The performer now goes to the hat, and, under pretense of moving it further away, turns it over, thus proving, in conjurer's logic, that it is empty. This can easily be done by taking the hat fingers inside and thumb out, the fingers being inserted in the top of the tumbler. The performer then returns to the table and proceeds to dispose of the articles thereon.
The piece of paper rolled up, and the ball, are caused to vanish by any of the means already explained. To cause the disappearance of the glass you must be provided with a handkerchief, silk by preference, consisting of two handkerchiefs sewn together round the edges, in the centre of which is fixed a disk of cardboard of the same size as the top of the tumbler. The tumbler being covered with this handkerchief, the performer, as if to satisfy the spectators that it is still there, strikes it several times on the back of a chair, and under cover of the movement allows the glass to fall into the network servante. The handkerchief, however, owing to the presence of the disk, still appears to contain the glass, the ultimate disposal of which will now be readily understood.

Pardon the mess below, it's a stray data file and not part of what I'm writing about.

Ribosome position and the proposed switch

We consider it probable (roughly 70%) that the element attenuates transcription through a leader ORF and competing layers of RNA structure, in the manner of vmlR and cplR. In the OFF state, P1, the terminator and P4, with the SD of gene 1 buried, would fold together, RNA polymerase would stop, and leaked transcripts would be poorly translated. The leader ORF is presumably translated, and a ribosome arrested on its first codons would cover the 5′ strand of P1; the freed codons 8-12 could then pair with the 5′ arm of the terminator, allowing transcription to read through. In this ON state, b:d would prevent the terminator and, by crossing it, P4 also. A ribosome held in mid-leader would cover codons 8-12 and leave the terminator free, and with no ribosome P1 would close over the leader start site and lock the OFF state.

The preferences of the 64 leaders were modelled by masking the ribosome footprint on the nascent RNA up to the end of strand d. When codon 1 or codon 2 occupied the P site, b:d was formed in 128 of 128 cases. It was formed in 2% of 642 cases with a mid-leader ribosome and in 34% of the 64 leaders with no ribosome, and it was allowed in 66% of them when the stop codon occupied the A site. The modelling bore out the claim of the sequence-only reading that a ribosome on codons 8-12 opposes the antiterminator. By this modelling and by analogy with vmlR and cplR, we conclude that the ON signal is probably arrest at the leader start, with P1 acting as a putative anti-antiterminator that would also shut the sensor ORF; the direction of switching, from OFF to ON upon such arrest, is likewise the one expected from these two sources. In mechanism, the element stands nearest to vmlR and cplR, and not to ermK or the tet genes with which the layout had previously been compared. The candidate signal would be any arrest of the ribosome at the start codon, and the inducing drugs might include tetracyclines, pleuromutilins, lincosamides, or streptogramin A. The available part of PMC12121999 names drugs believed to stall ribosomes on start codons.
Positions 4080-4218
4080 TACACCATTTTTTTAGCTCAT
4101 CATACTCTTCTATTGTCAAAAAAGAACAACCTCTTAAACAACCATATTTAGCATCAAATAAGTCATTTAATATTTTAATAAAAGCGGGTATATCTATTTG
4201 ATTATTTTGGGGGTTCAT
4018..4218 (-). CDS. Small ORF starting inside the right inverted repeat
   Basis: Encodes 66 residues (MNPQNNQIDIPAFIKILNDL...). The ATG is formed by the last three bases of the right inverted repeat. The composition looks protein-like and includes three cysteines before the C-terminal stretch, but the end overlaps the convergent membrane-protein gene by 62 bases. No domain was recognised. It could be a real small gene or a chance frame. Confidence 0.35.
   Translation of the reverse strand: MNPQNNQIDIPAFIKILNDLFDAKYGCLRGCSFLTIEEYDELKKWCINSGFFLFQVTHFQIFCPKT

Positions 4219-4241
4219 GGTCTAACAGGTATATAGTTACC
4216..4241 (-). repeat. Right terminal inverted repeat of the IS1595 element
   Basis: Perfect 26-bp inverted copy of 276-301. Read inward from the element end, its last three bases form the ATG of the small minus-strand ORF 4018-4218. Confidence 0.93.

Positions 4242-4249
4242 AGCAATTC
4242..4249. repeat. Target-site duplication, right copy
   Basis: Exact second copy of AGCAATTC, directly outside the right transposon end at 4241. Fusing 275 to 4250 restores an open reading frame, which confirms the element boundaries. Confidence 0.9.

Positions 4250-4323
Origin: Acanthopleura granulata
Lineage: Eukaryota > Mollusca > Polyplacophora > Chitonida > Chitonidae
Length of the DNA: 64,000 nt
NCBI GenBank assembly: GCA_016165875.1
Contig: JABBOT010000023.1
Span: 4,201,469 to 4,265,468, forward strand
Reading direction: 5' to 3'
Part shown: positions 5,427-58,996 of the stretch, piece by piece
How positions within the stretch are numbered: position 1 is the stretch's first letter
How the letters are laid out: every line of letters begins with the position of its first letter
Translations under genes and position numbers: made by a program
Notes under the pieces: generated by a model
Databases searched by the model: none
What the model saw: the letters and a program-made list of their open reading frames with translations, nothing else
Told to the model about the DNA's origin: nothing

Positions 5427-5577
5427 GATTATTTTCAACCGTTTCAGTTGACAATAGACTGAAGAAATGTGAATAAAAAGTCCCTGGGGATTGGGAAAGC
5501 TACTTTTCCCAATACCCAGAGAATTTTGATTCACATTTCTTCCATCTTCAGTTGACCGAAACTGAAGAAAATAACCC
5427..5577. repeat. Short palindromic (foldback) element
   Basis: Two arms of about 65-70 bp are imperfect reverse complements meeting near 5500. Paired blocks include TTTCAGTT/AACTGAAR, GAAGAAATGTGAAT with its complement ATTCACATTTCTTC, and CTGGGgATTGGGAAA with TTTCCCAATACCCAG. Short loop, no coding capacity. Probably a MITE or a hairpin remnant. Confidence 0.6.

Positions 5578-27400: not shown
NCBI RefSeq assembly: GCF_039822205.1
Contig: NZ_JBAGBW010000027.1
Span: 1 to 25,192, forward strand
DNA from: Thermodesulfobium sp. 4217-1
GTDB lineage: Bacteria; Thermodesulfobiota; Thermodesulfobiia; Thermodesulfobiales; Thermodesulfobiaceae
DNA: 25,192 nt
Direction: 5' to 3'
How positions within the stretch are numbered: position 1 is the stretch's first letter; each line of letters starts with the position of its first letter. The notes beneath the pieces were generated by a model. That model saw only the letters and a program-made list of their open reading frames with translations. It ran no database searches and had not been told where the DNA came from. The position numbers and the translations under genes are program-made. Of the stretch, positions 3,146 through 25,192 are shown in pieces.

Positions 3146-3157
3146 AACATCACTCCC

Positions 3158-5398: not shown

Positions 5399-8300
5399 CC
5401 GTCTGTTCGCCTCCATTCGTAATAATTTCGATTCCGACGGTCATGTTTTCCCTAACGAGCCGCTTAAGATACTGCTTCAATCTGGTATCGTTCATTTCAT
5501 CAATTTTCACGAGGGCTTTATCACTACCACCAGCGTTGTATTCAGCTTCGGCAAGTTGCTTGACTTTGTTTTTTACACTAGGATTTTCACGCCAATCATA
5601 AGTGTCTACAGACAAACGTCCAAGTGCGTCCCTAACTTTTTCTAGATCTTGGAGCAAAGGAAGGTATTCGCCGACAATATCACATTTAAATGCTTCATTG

In conclusion, the performer takes the handkerchief lying on the table and vanishes it by palming in the ordinary way; the right hand being immediately dived into the hat and the handkerchief produced. The other articles should be removed one at a time, not forgetting to crumple the paper into a ball before taking it out.